Please use this identifier to cite or link to this item: http://hdl.handle.net/10321/604
Title: Residual brand awareness following the termination of a long-term event sponsorship and the appointment of a new sponsor
Authors: Mason, Roger Bruce 
Cochetel, Fabrice
Keywords: Residual awareness;Awareness decay;Sponsorship;Sport event;Awareness
Issue Date: 2006
Publisher: Journal of marketing communications
Abstract: This study examined brand awareness after a change in sponsor and audience perceptions about the sponsors and the event before and after the change. A survey of the audience at a surfing event was conducted. The findings were that the original sponsor maintained high awareness levels with the audience, particularly awareness of the previously sponsored event, thereby supporting the proposition that long-term sponsorship supports long-term brand awareness. Secondly, the research found that a change in sponsorship does not necessarily lead to changes in respondents’ perceptions of the event. Thirdly, the research showed that there was a mismatch in the values of the original sponsor and the event, whereas the current sponsor had a closer match with the event’s values. Sponsorships change fairly frequently and it would be of interest to sponsors to know the extent to which benefits continue to accrue after they have stopped sponsoring an event. Since almost no research has been carried out on residual awareness and awareness decay, this paper should contribute to knowledge about the cessation of sponsorships, as well as to the broader field of sponsorship knowledge.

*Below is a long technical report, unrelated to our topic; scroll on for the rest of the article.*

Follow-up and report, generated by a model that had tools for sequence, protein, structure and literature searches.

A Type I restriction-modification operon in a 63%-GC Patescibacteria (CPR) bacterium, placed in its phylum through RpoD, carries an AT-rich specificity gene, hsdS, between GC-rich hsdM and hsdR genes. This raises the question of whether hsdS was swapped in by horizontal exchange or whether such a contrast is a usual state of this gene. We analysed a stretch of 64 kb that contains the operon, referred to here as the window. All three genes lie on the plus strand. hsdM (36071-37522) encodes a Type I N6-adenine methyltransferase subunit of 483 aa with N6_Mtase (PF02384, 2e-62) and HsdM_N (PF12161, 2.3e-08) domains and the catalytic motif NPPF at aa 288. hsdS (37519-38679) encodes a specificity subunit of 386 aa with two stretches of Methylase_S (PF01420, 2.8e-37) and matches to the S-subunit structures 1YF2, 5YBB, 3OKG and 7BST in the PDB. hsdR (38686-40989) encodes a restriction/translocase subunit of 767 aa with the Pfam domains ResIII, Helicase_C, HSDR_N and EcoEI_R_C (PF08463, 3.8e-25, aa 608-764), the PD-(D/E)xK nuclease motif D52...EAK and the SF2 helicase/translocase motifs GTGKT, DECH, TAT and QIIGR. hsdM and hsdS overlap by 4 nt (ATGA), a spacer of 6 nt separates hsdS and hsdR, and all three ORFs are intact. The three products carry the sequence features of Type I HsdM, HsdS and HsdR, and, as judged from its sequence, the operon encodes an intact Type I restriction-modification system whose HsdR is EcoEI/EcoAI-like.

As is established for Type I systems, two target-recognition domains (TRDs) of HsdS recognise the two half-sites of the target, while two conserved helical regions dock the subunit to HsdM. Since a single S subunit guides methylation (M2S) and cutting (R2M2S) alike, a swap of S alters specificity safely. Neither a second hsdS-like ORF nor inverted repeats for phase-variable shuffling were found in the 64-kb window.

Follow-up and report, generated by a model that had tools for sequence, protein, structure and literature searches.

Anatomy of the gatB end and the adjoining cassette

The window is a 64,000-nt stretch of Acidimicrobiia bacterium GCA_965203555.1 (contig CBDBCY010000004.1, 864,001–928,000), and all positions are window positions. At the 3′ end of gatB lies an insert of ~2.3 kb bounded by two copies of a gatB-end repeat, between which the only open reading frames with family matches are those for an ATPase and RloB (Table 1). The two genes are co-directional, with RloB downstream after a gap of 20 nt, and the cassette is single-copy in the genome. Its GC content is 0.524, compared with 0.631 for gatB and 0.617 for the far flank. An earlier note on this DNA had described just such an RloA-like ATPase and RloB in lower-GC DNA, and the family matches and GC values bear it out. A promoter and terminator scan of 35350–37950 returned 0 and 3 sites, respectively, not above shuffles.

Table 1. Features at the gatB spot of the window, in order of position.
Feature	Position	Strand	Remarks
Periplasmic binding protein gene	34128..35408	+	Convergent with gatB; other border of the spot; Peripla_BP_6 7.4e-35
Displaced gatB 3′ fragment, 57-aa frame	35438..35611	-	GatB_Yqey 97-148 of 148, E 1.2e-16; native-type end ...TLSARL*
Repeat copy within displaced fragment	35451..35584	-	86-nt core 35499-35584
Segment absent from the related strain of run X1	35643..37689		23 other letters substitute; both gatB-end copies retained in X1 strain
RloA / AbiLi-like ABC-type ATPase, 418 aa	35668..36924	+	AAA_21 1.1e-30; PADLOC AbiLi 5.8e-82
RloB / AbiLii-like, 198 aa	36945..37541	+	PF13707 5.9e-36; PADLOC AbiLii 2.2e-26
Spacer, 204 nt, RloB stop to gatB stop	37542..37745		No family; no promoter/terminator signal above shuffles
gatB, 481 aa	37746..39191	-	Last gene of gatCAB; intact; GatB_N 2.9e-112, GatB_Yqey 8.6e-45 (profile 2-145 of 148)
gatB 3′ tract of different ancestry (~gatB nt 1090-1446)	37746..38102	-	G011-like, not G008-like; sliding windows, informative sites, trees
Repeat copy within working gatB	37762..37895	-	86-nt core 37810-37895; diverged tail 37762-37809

Description: Originally published in: Journal of marketing communications, Vol.12, No. 2, 2006.
URI: http://hdl.handle.net/10321/604
Rights: The electronic version of the article published in Journal of Marketing Communications 2006, 12(2): 125‐144 © 2006 copyright Taylor & Francis]. The Journal of Marketing Communications is available online at: http://www.informaworld.com/smpp/title~db=all~content=t713704530
Appears in Collections:Research Publications (Management Sciences)

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